By Paul Moss
BBC News, Chicago
It is not much fun interviewing Carlos Tortolero. He shouts so loudly that you find yourself continually backing away, to avoid having your ear-drums split by his angry invective against the US political system.
The National Museum of Mexican Art recognises the contribution of Latinos
And he has a self-consciously cynical view of politics and the world.
"Politics is all about power, and how to get it!" he yells at me, as I cower on the other side of his vast desk.
"The African-American community, women, Jews - they are ahead in how to assert power.
"We Latinos have to learn how to work the system."
Mr Tortolero is director of Chicago's National Museum of Mexican Art, an impressive building in the heart of Pilsen, the city's Latino district.
It was built to emphasise the positive contribution that Mexican-Americans have made to the US, and to the world.
But in terms of politics, that contribution remains more limited.
Latinos have a traditionally low turnout come voting day. More importantly, many will tell you that their wishes are ignored by the political system.
"The candidates don't want to speak about immigration," says Mirna Alvarez, a children's group supervisor.
Like many Mexican-Americans I have met, she says this is the most important issue in deciding how will she vote. Ms Alvarez wants to see more Latinos allowed to come to the US.
"The candidates are afraid to make a commitment on this because they are afraid that other groups will turn against them," she says.
"You don't hear about the positive work Latinos have done. You just hear about the raids on factories and the illegals they have found."
Ms Alvarez is speaking in a year when the votes of minorities have had more attention than previously, and for one obvious reason - that the Democratic Party candidate for the presidency comes himself from a minority background.
But opinion seems split on whether this should be a source of inspiration to Latinos.
Asking people on the street in Pilsen, I heard a few shamelessly racist comments about black people, with some suggesting resentfully that the "only reason" some people would vote for Obama was because of his colour.
But others were delighted to see an African-American get this far.
John McCain made a much-publicised trip to Mexico this year
"He's actually standing for all the minorities that are here in the US," one second-generation Mexican-American told me. "I'm just proud."
Another woman gushed also about Sarah Palin's place on the Republican Party ticket.
"We're going to have our first black American president, or our first female vice-president. For me, personally, that means I could make it to be president of the United States. It's just amazing."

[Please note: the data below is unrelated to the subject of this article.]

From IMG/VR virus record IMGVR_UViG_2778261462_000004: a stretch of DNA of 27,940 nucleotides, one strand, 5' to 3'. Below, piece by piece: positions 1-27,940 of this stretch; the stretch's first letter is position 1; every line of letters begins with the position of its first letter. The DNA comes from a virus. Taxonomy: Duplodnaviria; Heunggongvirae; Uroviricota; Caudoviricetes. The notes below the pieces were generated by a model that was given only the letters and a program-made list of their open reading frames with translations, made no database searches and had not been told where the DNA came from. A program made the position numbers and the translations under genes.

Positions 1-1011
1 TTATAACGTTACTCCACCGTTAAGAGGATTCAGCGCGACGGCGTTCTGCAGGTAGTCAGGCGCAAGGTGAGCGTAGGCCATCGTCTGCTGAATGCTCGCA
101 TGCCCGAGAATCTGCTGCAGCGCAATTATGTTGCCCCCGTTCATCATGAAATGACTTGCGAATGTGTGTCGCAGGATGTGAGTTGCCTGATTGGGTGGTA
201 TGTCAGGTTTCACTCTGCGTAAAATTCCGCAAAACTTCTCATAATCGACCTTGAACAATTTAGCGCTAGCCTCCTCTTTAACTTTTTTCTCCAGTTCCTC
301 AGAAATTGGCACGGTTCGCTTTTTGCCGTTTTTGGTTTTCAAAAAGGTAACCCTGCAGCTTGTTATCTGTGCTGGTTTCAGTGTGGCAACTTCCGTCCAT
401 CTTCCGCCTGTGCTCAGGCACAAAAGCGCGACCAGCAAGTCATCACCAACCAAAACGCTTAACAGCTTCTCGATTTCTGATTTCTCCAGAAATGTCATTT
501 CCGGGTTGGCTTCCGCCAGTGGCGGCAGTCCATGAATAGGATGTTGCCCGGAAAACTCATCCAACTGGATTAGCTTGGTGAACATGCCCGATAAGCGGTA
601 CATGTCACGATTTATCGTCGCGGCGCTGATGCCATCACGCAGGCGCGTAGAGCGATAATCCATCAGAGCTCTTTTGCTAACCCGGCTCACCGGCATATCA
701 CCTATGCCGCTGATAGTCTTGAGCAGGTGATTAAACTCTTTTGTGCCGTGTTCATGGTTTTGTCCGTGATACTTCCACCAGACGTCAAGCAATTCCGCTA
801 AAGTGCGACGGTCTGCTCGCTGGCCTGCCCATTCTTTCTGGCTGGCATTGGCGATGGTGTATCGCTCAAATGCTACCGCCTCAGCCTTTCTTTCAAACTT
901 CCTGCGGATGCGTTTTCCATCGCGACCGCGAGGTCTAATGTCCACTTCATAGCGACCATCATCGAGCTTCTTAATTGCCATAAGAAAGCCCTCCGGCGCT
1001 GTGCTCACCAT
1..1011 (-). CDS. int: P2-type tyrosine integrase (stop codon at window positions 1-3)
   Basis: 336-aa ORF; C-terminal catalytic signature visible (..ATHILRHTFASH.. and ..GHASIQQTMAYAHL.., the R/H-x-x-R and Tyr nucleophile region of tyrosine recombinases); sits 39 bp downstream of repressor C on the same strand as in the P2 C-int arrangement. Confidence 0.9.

But the fact remains that this is a community in which many are alienated from the political system.
Very few people I stopped on the street had anything to say about the forthcoming election, and more than half could not speak English at all.
It was noticeable, too, that some people who were very enthusiastic about the election were people who refused to define themselves by their ethnicity.
"I don't look at the election as a Latino voter," a young businessman named Javier told me, as he ate lunch in The Jumping Bean, a rather trendy local cafe.
"I look at the economy, foreign policy. My parents migrated to America, I'm the first to go to college. Are we Latinos? Yes. Do we want to be grouped with everybody else? For me, personally, no."
But that will not stop the candidates trying to tap the Latino vote, whatever that might mean.
Both parties are seeking to encourage Latino voters to back their candidate
John McCain made a much-publicised trip to Mexico earlier this year.
Barack Obama talked about amnesties for illegal immigrants, though he has moved away from this position since winning the nomination.
But neither of them can hope for a vote from Mr Tortolero, at the National Museum of Mexican Art.
"Why take part in a process that does not do anything for my community?" he asks. Not waiting for an answer to this question, he goes on quickly to underline his point.
"Politics is about what's in it for me. And our community has always been left out."
The radio version of Paul Moss's report will run on BBC Radio 4's World Tonightprogramme, on Wednesday 17 September.